‘Quadrooter’ is a group of four vulnerabilities affecting specific Android devices leveraging the Qualcomm chipset and associated driver code. These four vulnerabilities are a small part of the 36 vulnerabilities reported from the same class of bug (privilege escalation) for the same vendor (Qualcomm) that were fixed as part of August 5th Android Nexus monthly security bulletin. The vulnerabilities reside in the embedded software running the graphics driver. The graphics driver has privileged access to other processes on your device making this an interesting target for attackers.
Per the POC shared with Google for this exploit, Zimperium customers will detect and provide detailed forensics for this attack without requiring an update. The Zimperium solution continuously monitors for anomalous behaviour using our proprietary z9 technology to detect mobile attacks whether from local escalation of privileges, attacks over Wi-Fi networks or malicious applications.
What is in Quadrooter?
The four vulnerabilities defined as ‘Quadrooter’ are:
- CVE-2016-2503 – The Qualcomm GPU driver in Android before 2016-07-05 on Nexus 5X and 6P devices allows attackers to gain privileges via a crafted application…
- CVE-2016-2504 – The Qualcomm GPU driver in Android before 2016-08-05 on Nexus 5, 5X, 6, 6P, and 7 (2013) devices allows attackers to gain privileges via a crafted application…
- CVE-2016-2059 – … in the IPC router kernel module for the Linux kernel 3.x, as used in Qualcomm Innovation Center (QuIC) Android contributions for MSM devices and other products, does not verify that a port is a client port, which allows attackers to gain privileges or cause a denial of service…
- CVE-2016-5340 – … Android patch for the Linux kernel 3.x mishandles pointer validation within the KGSL Linux Graphics Module, which allows attackers to bypass intended access restrictions by using the /ashmem string as the dentry name.
Two of the above CVEs, CVE 2016-2503 and CVE 2016-2504, are addressed in Google’s Android Security Bulletins for July and August of 2016. Google reports they do not have any reports of active customer exploitation of abuse of these reported issues. The latter CVEs mentioned, 2059 and 5240, have been fixed but a patch update is still pending.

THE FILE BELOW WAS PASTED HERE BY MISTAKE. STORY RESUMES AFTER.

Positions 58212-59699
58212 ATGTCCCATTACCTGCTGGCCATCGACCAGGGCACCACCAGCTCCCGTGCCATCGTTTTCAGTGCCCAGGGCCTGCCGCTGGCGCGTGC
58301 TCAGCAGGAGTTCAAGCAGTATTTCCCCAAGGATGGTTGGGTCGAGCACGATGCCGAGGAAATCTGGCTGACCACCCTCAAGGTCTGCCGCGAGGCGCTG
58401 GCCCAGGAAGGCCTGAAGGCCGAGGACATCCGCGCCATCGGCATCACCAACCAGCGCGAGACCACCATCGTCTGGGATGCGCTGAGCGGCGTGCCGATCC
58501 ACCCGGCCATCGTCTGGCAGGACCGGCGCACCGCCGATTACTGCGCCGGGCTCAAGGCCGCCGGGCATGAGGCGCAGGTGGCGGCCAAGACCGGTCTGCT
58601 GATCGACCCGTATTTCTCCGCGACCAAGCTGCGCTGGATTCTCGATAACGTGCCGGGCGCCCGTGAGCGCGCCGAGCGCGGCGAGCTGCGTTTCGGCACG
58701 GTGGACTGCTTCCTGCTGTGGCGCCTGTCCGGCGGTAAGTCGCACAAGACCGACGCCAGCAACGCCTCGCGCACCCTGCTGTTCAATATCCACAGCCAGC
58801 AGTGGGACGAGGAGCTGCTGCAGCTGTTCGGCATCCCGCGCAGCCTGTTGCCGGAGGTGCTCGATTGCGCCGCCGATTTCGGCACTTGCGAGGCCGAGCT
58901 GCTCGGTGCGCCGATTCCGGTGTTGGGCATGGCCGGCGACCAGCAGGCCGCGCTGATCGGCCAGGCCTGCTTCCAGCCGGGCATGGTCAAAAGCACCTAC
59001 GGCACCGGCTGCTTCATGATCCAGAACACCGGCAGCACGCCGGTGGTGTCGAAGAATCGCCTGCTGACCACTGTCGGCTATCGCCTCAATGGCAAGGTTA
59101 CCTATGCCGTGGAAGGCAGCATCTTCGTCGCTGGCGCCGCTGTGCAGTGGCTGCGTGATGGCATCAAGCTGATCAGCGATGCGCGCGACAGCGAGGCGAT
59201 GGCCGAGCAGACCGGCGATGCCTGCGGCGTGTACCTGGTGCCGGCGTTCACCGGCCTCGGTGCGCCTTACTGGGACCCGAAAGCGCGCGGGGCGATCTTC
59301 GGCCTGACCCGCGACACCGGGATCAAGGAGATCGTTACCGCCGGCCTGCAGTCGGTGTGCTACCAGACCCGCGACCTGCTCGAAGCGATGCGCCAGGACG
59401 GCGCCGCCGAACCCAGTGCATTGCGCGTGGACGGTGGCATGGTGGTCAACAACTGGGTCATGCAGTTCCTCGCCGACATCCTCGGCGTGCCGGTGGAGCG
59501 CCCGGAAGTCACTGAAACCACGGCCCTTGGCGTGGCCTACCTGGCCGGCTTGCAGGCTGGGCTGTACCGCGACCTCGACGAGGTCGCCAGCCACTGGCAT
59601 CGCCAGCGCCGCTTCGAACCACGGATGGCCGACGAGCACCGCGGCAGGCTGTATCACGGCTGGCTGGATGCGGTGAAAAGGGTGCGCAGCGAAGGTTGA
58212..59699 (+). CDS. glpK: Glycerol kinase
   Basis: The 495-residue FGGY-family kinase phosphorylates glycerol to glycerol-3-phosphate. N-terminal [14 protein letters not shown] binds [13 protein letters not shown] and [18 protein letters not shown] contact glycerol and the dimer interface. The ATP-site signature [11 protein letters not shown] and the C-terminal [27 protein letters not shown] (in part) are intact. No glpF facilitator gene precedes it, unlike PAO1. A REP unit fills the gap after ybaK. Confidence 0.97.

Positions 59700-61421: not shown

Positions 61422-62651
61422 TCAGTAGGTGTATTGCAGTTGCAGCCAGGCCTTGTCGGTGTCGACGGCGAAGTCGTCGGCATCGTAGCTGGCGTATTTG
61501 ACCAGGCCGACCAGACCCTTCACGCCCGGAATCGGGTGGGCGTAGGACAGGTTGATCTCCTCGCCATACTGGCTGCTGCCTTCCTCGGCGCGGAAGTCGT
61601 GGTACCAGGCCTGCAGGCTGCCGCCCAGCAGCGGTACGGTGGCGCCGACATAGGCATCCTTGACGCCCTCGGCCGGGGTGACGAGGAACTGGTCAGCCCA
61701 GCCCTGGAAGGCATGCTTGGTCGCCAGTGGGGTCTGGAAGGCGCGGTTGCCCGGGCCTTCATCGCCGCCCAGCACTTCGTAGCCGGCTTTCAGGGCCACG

Interestingly, there is a remote code execution vulnerability in the same security bulletin mentioning the Quadrooter vulnerabilities. The remote code execution vulnerabilities are much more severe since they don’t require initial code execution to your device. In the August bulletin there are 32 other local privilege escalation vulnerabilities in the same vendor.
In the August Security bulletin many privilege escalation bugs are documented. From an initial investigation of the August 2016 security bulletin, we found the following vulnerabilities to be of higher risk as they affect a broader range of devices and are not solely dependent on usage of the Qualcomm chipset.
- Kernel remote code execution – CVE-2014-9902
- RCE in Conscript – CVE-2016-3840
- RCEs in MediaServer – CVE-2016-3819, CVE-2016-3820, CVE-2016-3821
- And RCE in Libjhead – CVE-2016-3822
- And multiple information disclosure bugs
Some of the most popular Android devices found on the market today use these chipsets, including:
- BlackBerry Priv
- Blackphone 1 and Blackphone 2
- Google Nexus 5X, Nexus 6 and Nexus 6P
- HTC One, HTC M9 and HTC 10
- LG G4, LG G5, and LG V10
- New Moto X by Motorola
- OnePlus One, OnePlus 2 and OnePlus 3
- Samsung Galaxy S7 and Samsung S7 Edge
- Sony Xperia Z Ultra
What do you need to do to be safe from Quadrooter?
SoftFunda continues to recommend to follow these best practices to help keep Android devices safe from attacks:
- Download and install the latest Android updates as soon as they become available. These include important security updates that help keep your device and data protected.
- Understand the risks of rooting your device – either intentionally or as a result of an attack.
- Examine carefully any app installation request before accepting it to make sure it’s legitimate.
- Avoid side-loading Android apps (.APK files) or downloading apps from third-party sources. Instead, practice good app hygiene by downloading apps only from Google Play.
- Read permission requests carefully when installing any apps. Be wary of apps that ask for permissions that seem unusual or unnecessary or that use large amounts of data or battery life.
- Use known, trusted Wi-Fi networks or while traveling use only those that you can verify are provided by a trustworthy source.
- End users and enterprises should consider using mobile security solutions designed to detect suspicious behavior on a device, including malware that could be obfuscated within installed apps.
- Use a personal mobile security app that monitors your device for any malicious behavior.
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